An Antrim woman who is currently transitioning has told how a near-death experience gave her the courage to stop living as a man and be herself.
Joni-Marie Augustine, a portrait artist and clerk at the Royal Victoria Hospital (RVH), always felt she had been born in the wrong body and her feminine mannerisms and appearance often led to her being bullied in her teens.
In an attempt to fit in, she over-compensated by going to the gym every day to bulk up and by adopting more masculine behaviour.
But the 38-year-old was struggling with depression and began to self-harm, leading to a breakdown and a spell in a psychiatric unit.
When a serious cardiac defect landed her in the RVH two years ago and resulted in her heart stopping twice, she decided the time had come to stop living a lie and to transition.
Currently on a lengthy waiting list for the gender identity clinic, Joni-Marie is now living her life as a woman and is happier and mentally healthier than ever before.
"For years I didn't know what was wrong with me. I just knew I was miserable, angry and frustrated and I tended to push people away. It was a very lonely existence," she says.
"As a teenager I felt different. I knew something wasn't right. I liked feminine things and my mannerisms weren't considered male, but I tried to be more masculine to fit in.
"Because I was feminine, I was picked on and bullied for being gay, but I wasn't gay. I was in the wrong body and it made me so unhappy. I had relationships with women who said they were attracted to my feminine side. They thought I was sensitive and felt comfortable with me. They told me I was different from other guys."
The confusion and uncertainty around her identity led Joni-Marie, whose previous name was Jonny, down a dark path of self-harm and suicidal thoughts. Feeling out of control, her life fell apart and she suffered a breakdown.
Joni-Marie was referred to a psychiatrist and slowly began to recover, deciding to refer to herself as non-binary, but even that was a lie.
A brush with death in 2018 was the game-changer that convinced her to let go of the past and finally be true to herself.
"I was working for a charity when I took ill. They knew I had mental health problems and thought I was having a panic attack. I was going in and out of consciousness and wasn't able to stand up, but nothing had been bothering me that day and I knew I wasn't panicking," she says.
"I was taken into hospital and they had to put me out and shock me. My heartbeat was 240 beats a minute. I have an electrical fault in my heart and twice in the hospital my heart actually stopped. When something surreal like that happens, it makes you re-evaluate your life."
Joni-Marie had a pacemaker and an cardioverter defibrillator fitted and spent a month and a half in hospital. Coincidentally, she now works on the same ward she was admitted to.
After she left hospital, she began to dress as a woman and attended her first post-discharge counselling appointment in a skirt and crop top. She also got herself referred to the gender identity clinic, which has a three-year waiting list for surgery and hormone treatment.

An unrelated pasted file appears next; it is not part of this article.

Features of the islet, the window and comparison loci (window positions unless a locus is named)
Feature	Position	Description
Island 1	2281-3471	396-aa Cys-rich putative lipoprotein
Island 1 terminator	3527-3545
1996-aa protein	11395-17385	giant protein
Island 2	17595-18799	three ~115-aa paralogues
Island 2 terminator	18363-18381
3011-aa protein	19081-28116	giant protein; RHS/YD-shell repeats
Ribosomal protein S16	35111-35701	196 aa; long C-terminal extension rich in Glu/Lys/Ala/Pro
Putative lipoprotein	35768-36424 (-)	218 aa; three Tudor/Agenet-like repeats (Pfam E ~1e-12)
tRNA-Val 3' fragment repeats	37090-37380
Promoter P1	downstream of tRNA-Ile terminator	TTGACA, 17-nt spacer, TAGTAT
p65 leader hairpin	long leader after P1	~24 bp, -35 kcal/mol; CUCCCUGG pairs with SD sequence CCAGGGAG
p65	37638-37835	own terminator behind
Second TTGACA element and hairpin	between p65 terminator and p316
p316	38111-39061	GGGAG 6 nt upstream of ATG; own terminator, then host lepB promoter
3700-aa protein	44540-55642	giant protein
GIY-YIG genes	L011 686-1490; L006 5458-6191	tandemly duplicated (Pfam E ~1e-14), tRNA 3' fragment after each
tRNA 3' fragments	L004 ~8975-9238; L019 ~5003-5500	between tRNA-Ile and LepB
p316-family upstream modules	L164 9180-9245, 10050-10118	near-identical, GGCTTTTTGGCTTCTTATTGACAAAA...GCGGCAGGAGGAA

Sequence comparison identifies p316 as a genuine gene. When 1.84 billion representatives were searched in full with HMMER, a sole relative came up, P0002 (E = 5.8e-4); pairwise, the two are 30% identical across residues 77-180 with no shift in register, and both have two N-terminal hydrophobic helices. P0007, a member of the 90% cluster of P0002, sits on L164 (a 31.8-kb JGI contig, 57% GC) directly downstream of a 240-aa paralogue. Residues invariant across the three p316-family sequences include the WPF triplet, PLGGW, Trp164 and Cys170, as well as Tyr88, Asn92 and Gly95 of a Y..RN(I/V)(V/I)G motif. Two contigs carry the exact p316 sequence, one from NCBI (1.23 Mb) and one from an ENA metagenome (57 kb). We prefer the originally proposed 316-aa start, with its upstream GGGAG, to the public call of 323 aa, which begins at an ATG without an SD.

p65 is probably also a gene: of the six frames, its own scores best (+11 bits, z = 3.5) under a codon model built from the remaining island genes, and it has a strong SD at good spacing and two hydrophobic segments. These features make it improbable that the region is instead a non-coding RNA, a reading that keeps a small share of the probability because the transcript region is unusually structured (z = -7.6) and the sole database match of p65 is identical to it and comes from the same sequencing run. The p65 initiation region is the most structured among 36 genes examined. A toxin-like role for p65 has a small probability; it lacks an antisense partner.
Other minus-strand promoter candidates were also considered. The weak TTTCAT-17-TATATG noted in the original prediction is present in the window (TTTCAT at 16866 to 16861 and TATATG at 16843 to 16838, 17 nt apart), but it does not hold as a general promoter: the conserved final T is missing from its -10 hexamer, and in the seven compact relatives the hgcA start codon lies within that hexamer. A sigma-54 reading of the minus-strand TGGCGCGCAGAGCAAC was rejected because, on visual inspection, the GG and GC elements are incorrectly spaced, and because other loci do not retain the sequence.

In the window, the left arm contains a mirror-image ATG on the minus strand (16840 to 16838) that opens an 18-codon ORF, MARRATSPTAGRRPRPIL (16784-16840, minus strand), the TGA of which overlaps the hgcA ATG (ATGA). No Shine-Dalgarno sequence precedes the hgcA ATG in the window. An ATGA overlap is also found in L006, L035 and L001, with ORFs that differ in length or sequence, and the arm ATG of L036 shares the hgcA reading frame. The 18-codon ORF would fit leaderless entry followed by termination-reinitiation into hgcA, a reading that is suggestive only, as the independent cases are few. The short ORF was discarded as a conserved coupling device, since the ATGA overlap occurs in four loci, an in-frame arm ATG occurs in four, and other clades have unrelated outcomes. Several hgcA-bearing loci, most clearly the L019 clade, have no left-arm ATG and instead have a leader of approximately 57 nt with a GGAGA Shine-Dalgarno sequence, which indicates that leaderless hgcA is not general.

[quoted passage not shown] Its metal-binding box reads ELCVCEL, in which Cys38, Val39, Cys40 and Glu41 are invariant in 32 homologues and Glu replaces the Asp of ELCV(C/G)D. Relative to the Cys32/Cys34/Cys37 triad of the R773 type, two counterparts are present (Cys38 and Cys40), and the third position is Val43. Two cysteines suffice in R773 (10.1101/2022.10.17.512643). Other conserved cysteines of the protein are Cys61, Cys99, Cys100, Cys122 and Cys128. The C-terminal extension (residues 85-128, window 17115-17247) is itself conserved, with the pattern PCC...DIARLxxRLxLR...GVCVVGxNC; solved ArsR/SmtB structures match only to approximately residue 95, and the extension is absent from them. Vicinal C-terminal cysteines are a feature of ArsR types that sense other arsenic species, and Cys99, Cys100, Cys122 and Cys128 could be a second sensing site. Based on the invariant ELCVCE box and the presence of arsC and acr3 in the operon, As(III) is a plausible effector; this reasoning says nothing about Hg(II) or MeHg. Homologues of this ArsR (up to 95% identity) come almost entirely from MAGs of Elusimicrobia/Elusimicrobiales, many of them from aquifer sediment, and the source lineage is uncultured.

In the meantime, she has changed her name by deed poll, a process witnessed by American singer Amanda Palmer, for whom she had previously painted a portrait.
While waiting to be called to the clinic, Joni-Marie has been learning to feel comfortable in her new identity. She was delighted to gather up all her old 'Jonny' clothes and hand them into a charity shop. Since she can wear loose-fitting, vintage-style frocks, dressing isn't an issue.
A pre-lockdown appointment at a women-only hair salon - her first ever - was another moment of joy and she's become adept at applying her own make-up and contouring to disguise her jawline.
One area that has proved problematic, however - particularly during lockdown - is stubble. Regular shaving can't cover a five o'clock shadow and it's been getting Joni-Marie down.
However, Belfast's Beyond Skin clinic had been helping her out by providing laser hair removal treatments, though lockdown and the subsequent closure of salons and clinics put paid to that.
"I can shave as much as I want, but there's still that shadow and I've felt so self-conscious about that," explains Joni-Marie.
"Foundation hides it to a degree, but come the end of the day it's worn off and the stubble's coming through.
"In work I have been able to wear a mask but, still, seeing that (the stubble) has been distressing. I couldn't look at myself without seeing it coming through."
Joni-Marie has booked an appointment with Beyond Skin now that salons and clinics have reopened - and she can't wait to continue her transitioning process.
"It's hard when you know you're one thing but your body is telling you another," she says.
"I've got a few years to work on everything before I have my surgery and hormone treatment, but already everyone around me is seeing a difference - and I don't just mean physically. Mentally, all the issues I had have disappeared.
"My art has changed too. For a long time I projected my feelings into my paintings, so it was like a form of therapy. I got out my anger and aggression. Now it's something I enjoy doing.
"My work colleagues have been fantastic. It means so much to hear them referring to me as 'she'. They never knew Jonny, except the one whose heart stopped beating twice. That's not me anymore. That person is gone and I'm looking forward to the future as Joni-Marie."